We also empathize with our children when we take a genuine interest in their lives. In doing so, we need to make a conscious effort not to force our own expectations onto them. Don’t expect your child to love playing soccer or the piano just because you did. Guide them toward activities that theyenjoy and that make them feel enriched.
4.Model it and point out when others display empathy. Our children look to us as empathy role models. They’ll notice if we treat a server poorly or if we engage in abrasive or passive aggressive communication with our spouse. On the flip side, they’ll notice if we treat people with dignity and respect by engaging in friendly conversation with the server or by speaking respectfully and with love to our spouse. They’ll also notice if we welcome a new family into the neighborhood or express genuine concern about a classmate’s family who is going through a difficult experience.
5.Provide opportunities outside of the home. Research shows we typically feel more empathy for members of our own group, so it’s relatively easy to feel empathy towards family members and close friends. Show your children that it’s equally as important to care about people outside of their inner circle. Seek out opportunities for you and your child to regularly engage in community service. In doing so, you are showing your child that you care about people from different backgrounds.
6.Teach them that their own happiness is not their sole priority. We all want our children to be happy, but we need to send the clear message that caring for others is just as important as their own happiness. Instead of saying ‘The most important thing is that you’re happy,’ try saying ‘The most important thing is that you are kind and happy.’ Say this often. It’s important our children recognize that the world does not revolve around them.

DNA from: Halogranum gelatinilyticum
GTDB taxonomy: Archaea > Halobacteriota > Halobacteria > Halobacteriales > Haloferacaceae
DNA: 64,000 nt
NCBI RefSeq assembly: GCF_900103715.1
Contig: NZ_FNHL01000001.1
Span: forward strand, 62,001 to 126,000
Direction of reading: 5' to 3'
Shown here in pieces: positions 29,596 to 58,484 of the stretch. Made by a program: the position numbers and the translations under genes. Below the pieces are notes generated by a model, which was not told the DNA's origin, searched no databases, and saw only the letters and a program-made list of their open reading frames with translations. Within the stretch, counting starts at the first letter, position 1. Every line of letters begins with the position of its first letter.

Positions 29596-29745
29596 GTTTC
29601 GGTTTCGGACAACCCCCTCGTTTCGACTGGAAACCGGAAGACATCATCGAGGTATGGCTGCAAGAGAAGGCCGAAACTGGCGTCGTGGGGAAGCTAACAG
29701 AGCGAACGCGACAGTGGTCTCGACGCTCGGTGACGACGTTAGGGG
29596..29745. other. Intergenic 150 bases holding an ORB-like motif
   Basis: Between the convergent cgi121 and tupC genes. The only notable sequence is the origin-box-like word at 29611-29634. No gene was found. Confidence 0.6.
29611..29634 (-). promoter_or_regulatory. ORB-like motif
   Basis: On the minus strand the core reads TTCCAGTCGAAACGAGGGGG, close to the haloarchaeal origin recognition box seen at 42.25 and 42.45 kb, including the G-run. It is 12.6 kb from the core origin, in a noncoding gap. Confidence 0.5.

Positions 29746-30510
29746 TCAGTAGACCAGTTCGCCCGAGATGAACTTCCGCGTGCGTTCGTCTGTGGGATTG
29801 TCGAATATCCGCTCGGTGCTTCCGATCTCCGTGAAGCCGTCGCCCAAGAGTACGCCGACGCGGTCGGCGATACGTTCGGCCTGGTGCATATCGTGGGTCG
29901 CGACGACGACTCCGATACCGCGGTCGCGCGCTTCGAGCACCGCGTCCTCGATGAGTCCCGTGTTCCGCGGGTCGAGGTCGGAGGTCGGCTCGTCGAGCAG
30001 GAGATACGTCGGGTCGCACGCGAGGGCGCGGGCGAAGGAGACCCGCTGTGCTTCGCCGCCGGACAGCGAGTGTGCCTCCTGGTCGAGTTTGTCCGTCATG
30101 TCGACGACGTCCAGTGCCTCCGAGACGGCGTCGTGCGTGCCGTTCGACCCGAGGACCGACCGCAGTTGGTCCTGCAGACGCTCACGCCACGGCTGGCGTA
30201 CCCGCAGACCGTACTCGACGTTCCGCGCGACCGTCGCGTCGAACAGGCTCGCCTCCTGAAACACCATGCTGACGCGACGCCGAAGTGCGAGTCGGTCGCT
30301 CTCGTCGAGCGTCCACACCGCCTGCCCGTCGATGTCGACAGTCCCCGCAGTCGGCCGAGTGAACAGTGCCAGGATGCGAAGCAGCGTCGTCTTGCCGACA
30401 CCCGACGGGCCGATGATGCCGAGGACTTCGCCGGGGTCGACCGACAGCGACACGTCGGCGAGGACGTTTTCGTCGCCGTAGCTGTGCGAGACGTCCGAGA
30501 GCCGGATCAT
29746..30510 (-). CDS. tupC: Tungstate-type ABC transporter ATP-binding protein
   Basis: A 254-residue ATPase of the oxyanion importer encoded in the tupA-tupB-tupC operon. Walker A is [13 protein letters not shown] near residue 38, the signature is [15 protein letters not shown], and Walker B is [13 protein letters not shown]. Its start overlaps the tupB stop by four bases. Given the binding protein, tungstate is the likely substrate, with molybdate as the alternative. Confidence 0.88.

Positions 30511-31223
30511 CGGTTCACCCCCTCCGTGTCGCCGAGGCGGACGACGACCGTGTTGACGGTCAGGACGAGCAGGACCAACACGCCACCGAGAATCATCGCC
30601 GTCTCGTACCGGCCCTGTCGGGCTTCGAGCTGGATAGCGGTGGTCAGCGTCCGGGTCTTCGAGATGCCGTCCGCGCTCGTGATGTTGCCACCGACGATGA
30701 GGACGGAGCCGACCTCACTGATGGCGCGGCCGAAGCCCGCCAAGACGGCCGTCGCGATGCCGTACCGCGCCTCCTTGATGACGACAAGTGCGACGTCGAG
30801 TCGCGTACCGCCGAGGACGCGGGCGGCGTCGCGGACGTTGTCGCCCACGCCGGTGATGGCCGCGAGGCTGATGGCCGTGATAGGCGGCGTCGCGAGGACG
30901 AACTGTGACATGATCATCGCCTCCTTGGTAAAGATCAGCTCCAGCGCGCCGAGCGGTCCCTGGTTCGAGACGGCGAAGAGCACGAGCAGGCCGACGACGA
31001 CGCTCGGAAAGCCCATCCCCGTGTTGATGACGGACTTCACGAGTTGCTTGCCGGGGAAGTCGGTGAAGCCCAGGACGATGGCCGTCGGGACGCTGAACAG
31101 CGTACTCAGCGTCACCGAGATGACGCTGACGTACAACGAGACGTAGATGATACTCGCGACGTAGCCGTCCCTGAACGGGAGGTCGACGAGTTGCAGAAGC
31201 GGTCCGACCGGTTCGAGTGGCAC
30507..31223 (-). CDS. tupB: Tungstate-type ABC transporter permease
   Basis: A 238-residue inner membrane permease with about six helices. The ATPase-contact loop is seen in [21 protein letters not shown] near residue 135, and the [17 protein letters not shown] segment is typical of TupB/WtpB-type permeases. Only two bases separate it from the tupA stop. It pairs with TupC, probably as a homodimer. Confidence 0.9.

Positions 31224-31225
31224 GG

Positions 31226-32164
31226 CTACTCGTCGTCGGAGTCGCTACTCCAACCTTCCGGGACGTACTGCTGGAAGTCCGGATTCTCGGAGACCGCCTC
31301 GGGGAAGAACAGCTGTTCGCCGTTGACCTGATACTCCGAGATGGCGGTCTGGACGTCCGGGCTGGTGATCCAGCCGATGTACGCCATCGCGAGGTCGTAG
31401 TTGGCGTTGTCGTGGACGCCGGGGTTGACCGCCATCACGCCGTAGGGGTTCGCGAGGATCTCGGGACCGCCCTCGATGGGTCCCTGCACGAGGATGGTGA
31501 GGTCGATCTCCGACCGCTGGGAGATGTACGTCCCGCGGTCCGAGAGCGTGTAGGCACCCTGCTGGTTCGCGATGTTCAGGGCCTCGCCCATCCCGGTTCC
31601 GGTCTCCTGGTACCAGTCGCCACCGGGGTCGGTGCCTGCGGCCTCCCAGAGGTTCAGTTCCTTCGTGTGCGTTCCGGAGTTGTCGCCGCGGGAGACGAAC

7. Ease up. The pressure for young people to continually achieve has also limited their ability to empathize. Adolescents are under tremendous pressure to excel in school and participate in extracurricular activities so they can build their resumes. As a result, our kids are looking out for themselves more than ever and do not have the time or energy to care about others.Instead of encouraging your son or daughter to be competitive and aggressive, encourage your child to compete with himself and strive to do his best rather than try to best others. And resist the urge to over schedule their free time. Our kids need downtime, too.
Make Kindness a Priority
One simple way that your can develop empathy in your child is to stress the importance of treating others with kindness.
-Encourage your child to perform one act of kindness for another person each day.These activities might include helping with dishes, letting someone else go first, drawing a picture or writing a thank you note, etc. Or they might include visits to places and experiences that make us feel good, like visiting grandparents or the park.
-Keep a kindness checklist.Tape it on the fridge and check off each act of kindness as you go.
-Make a kindness jar. Fill a jar with acts of kindness on strips of paper and your child can choose a new card each day.
Here are some printable resources to get you started.
Social media isn’t going anywhere. We need to accept that. We also need to accept that our role as parents is vastly more complex than that of our parents. Don’t let this discourage you. Above all else, remember that the development of empathy does not happen overnight. Take note of the good moments, discuss the not-so-good moments, and continue to model empathy in your own lives.
You may be saving an awkward girl with neon braces from a 7th grade year filled with trauma and embarrassment.